Journal article

NCKAP1 Disruptive Variants Lead to a Neurodevelopmental Disorder with Core Features of Autism

Hui Guo, Qiumeng Zhang, Rujia Dai, Bin Yu, Kendra Hoekzema, Jieqiong Tan, Senwei Tan, Xiangbin Jia, Wendy K Chung, Rebecca Hernan, Fowzan S Alkuraya, Ahood Alsulaiman, Mohammad A Al-Muhaizea, Gaetan Lesca, Linda Pons, Audrey Labalme, Linda Laux, Emily Bryant, Natasha J Brown, Elena Savva Show all

American Journal of Human Genetics | CELL PRESS | Published : 2020


NCKAP1/NAP1 regulates neuronal cytoskeletal dynamics and is essential for neuronal differentiation in the developing brain. Deleterious variants in NCKAP1 have been identified in individuals with autism spectrum disorder (ASD) and intellectual disability; however, its clinical significance remains unclear. To determine its significance, we assemble genotype and phenotype data for 21 affected individuals from 20 unrelated families with predicted deleterious variants in NCKAP1. This includes 16 individuals with de novo (n = 8), transmitted (n = 6), or inheritance unknown (n = 2) truncating variants, two individuals with structural variants, and three with potentially disruptive de novo missens..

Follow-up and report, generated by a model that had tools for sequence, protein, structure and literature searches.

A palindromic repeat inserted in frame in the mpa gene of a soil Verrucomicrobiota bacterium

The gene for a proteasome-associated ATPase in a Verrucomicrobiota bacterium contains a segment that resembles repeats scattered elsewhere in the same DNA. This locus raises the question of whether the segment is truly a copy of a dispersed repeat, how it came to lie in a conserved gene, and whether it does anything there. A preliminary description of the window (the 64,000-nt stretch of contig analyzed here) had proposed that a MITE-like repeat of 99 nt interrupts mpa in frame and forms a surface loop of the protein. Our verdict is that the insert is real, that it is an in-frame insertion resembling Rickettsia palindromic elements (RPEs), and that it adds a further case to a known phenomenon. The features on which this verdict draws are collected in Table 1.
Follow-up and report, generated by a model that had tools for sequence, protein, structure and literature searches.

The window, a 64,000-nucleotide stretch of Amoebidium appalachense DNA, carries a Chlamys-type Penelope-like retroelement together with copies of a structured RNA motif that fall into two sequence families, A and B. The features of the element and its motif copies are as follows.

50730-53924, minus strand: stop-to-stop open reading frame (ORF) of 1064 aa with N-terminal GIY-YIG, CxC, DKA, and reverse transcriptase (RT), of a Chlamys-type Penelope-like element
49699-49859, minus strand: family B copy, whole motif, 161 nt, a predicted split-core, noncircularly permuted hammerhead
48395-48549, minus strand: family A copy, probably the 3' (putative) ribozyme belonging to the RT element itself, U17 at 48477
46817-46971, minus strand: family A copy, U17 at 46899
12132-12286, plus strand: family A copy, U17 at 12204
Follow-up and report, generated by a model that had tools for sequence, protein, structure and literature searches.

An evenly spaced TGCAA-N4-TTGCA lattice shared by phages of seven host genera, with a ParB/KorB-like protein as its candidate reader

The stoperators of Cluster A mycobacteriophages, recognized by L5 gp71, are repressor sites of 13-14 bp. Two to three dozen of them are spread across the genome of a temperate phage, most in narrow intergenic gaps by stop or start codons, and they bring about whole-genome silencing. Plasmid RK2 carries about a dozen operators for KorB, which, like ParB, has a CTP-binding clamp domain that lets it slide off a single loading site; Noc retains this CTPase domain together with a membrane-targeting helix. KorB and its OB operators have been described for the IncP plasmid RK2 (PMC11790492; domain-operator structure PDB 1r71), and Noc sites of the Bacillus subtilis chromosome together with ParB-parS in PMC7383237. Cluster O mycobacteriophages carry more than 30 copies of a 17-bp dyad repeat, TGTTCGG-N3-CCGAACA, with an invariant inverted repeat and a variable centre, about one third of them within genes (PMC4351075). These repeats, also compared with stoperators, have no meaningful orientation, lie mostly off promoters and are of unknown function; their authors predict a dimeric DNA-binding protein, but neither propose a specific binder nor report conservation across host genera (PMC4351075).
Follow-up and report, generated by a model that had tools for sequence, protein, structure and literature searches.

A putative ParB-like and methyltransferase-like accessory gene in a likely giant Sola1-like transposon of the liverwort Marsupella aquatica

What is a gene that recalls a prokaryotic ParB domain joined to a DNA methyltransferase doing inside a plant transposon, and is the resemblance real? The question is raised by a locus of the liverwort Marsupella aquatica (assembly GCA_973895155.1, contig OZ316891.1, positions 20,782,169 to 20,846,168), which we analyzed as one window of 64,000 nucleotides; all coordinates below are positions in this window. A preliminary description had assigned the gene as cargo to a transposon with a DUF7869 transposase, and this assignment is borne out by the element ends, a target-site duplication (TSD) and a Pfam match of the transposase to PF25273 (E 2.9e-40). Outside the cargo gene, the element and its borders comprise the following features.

View full abstract


Awarded by National Natural Science Foundation of China

Awarded by US National Institutes of Health (NIH)

Awarded by Hunan Provincial grants

Awarded by Innovation-Driven Project of Central South University

Awarded by Swiss National Science Foundation

Funding Acknowledgements

We are grateful to the families involved in this study. We thank Tonia Brown for assistance in editing this manuscript. We thank Mais Hashem, Egidio Spinelli, and John J. Millichap for coordinating data collection. Thisworkwas supported by the following grants: theNational Natural Science Foundation of China (81871079, 81330027, 81525007, 8173000779, 81671122) to H.G., K.X., and Z.H.; The US National Institutes of Health (NIH) grant (MH101221) to E.E.E.; and the Hunan Provincial grants (2018SK1030, 2018DK2016, 2019SK1015, 2019RS2005) to K.X., Z.H., and H.G. H.G. was also supported by the Innovation-Driven Project of Central South University (2020CX042). N.J.B., E.S., S.A., and D.E. was supported by the State Government of Victoria (Department of Health and Human Services, Melbourne Genomics Health Alliance). J.M.M. and F.S. are supported by the Swiss National Science Foundation (310030_185292). W.K.C. is supported by grants from the Simons Foundation and the JPB Foundation. E.E.E. is an investigator of the Howard Hughes Medical Institute.